Hard Choices about the Budget: Government Edition
By Gary Silverman, CFP®
In the lead up to the next election, “the rich” are getting a lot of press. Some folks seem to think that being rich is hard and help is needed in the form of lower taxes. Others seem to think that being rich is just plain unfair and to solve this evil, help is needed in the form of taxing them more and giving that money to the not-so-rich.
That last paragraph probably alienated most of you. (Gotta love politics.)
I’ve complained before that our country is spending a lot more money than it is making. Basic budgeting (the kind I can explain to an 8-year-old but that seems to evade the intellectuals in Congress) says there are three ways to fix this.
You can cut spending.
You can increase income.
You can do a bit of both.
When the Democrats had control of things, they increased spending. When the Republicans had control of things, they increased spending. When we, the electorate, vote, it seems that we like to elect people who fund the programs we like by increasing spending. While I’m not giving up on the idea of cutting spending, I doubt it’s going to happen. At best, we might cut $1 billion here while we’re adding $2 billion there.
That leaves increasing income (raising taxes on someone). And most agree it should be someone other than ourselves. A tempting target are the 50% of Americans who pay no income tax--because they have a lower income. But “raising taxes on the poor so that we don’t have to raise as much on the rich” is a questionable campaign strategy.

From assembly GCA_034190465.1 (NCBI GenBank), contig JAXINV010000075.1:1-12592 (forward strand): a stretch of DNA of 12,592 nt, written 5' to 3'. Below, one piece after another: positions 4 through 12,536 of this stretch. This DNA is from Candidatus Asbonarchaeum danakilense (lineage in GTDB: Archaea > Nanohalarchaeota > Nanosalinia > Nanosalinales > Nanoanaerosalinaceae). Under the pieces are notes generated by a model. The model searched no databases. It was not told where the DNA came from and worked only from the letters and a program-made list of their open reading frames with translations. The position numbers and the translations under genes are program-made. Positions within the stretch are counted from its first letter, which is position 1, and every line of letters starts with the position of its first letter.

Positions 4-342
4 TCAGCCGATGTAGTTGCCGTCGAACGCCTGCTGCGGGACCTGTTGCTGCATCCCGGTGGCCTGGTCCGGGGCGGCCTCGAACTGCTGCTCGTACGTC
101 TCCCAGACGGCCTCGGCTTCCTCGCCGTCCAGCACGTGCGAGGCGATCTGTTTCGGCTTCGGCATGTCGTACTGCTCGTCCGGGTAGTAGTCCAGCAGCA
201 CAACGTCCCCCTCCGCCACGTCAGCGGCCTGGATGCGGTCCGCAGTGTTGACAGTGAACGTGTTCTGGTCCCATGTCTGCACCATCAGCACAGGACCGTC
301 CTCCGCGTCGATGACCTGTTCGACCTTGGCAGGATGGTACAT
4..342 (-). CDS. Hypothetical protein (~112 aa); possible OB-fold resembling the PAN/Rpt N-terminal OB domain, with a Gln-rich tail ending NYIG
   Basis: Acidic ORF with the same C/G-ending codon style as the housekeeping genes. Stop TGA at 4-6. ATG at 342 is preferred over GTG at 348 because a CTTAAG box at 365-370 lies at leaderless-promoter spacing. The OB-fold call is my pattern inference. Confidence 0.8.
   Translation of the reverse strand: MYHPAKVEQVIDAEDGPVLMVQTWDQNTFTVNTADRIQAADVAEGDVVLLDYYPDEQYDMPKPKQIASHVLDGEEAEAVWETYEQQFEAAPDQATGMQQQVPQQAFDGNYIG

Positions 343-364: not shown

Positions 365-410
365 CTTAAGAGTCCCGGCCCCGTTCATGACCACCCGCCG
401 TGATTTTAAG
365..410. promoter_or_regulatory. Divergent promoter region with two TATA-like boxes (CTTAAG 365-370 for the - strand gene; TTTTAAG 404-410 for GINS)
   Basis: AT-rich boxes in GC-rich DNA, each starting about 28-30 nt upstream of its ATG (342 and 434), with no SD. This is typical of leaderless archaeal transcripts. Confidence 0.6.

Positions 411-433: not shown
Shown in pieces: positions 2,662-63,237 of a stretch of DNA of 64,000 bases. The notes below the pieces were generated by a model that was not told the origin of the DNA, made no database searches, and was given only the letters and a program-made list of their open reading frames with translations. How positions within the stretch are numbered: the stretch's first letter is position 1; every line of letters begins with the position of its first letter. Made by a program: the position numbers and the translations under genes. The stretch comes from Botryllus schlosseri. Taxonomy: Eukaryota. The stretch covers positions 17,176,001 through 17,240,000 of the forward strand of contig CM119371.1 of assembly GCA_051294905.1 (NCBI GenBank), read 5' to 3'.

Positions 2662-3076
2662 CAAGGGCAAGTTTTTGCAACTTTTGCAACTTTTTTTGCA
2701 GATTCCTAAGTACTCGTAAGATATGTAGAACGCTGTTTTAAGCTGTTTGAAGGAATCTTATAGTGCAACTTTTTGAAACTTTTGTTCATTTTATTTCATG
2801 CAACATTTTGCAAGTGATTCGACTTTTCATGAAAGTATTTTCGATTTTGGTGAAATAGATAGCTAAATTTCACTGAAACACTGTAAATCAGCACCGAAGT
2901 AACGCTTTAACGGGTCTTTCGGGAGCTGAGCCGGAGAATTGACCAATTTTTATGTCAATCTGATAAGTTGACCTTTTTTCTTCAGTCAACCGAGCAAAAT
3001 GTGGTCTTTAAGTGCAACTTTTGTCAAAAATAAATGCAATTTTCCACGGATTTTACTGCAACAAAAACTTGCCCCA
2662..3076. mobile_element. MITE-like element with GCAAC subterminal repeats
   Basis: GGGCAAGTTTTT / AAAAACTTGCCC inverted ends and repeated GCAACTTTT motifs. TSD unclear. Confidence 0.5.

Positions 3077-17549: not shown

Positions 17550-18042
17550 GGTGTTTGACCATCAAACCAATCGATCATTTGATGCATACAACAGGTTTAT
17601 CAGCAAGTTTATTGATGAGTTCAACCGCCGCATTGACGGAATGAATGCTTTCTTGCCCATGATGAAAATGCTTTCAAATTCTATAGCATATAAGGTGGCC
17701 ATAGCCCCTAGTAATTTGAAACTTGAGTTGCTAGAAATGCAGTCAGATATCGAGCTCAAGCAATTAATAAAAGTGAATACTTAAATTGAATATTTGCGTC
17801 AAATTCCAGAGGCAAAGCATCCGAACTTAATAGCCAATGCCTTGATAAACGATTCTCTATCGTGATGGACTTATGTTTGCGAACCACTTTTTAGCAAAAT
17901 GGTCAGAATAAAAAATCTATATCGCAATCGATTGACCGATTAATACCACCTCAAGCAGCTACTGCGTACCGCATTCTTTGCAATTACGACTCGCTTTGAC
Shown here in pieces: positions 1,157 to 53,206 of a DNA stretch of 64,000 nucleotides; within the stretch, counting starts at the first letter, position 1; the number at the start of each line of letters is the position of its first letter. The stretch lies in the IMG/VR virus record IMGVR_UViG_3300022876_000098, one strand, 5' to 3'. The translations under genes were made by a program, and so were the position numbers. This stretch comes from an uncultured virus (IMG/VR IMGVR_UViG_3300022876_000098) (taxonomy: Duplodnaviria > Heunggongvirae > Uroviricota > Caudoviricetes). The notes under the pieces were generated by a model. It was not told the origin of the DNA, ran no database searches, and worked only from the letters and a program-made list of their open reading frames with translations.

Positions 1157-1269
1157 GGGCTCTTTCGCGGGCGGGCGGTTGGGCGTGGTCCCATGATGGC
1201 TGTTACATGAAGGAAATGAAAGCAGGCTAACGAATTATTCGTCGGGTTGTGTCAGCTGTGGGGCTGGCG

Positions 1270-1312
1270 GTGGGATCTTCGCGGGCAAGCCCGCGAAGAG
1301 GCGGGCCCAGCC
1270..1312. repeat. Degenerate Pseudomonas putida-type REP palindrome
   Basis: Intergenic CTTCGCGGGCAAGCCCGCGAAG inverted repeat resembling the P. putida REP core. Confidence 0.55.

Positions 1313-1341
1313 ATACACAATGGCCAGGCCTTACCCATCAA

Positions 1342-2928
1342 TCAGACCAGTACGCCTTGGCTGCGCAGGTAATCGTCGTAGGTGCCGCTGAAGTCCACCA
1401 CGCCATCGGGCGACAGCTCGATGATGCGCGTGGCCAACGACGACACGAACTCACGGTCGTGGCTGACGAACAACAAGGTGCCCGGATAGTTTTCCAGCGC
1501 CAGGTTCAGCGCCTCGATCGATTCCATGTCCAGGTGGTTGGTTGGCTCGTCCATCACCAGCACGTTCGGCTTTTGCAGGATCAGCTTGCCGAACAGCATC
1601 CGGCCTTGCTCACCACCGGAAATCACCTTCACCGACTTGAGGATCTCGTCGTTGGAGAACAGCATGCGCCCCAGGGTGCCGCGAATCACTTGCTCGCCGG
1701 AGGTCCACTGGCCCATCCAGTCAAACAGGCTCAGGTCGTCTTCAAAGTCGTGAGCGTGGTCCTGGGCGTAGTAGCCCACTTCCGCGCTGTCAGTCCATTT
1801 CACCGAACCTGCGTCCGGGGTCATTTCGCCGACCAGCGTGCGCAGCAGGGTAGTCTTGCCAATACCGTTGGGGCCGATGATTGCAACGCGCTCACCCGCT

So that leaves the rich.
It may surprise you that most of the rich are quite comfortable with modest tax increases. They’d like to see smaller government deficits, more spending on infrastructure, and a strong education system as much as anyone. But there is a limit to their tolerance of taxes. At some point it will curtail their funding of businesses, charities, and lifestyle. Before you think that is a good thing, realize that this is how they put money directly back into the local and nationwide economies.
So, go ahead and raise taxes, but do so fairly, and not as a punishment. Unless you want a truly socialistic state, ensure you allow people to reap the rewards of risk and sacrifice no matter the income level. Then before we start adding new categories to our spending list, let’s be realistic about what we can actually afford. Right now, it looks like a lot of spending proposals would be underfunded even if you taxed the rich 100% of their income and confiscated their savings.
Oh, and that idea that says the government can spend as much as it wants and then just print the money to make it work without any adverse effects: No. That’s not how it works. That not how any of this works.
Gary Silverman, CFP® is the founder of Personal Money Planning, LLC, a Wichita Falls retirement planning and investment management firm and author of Real World Investing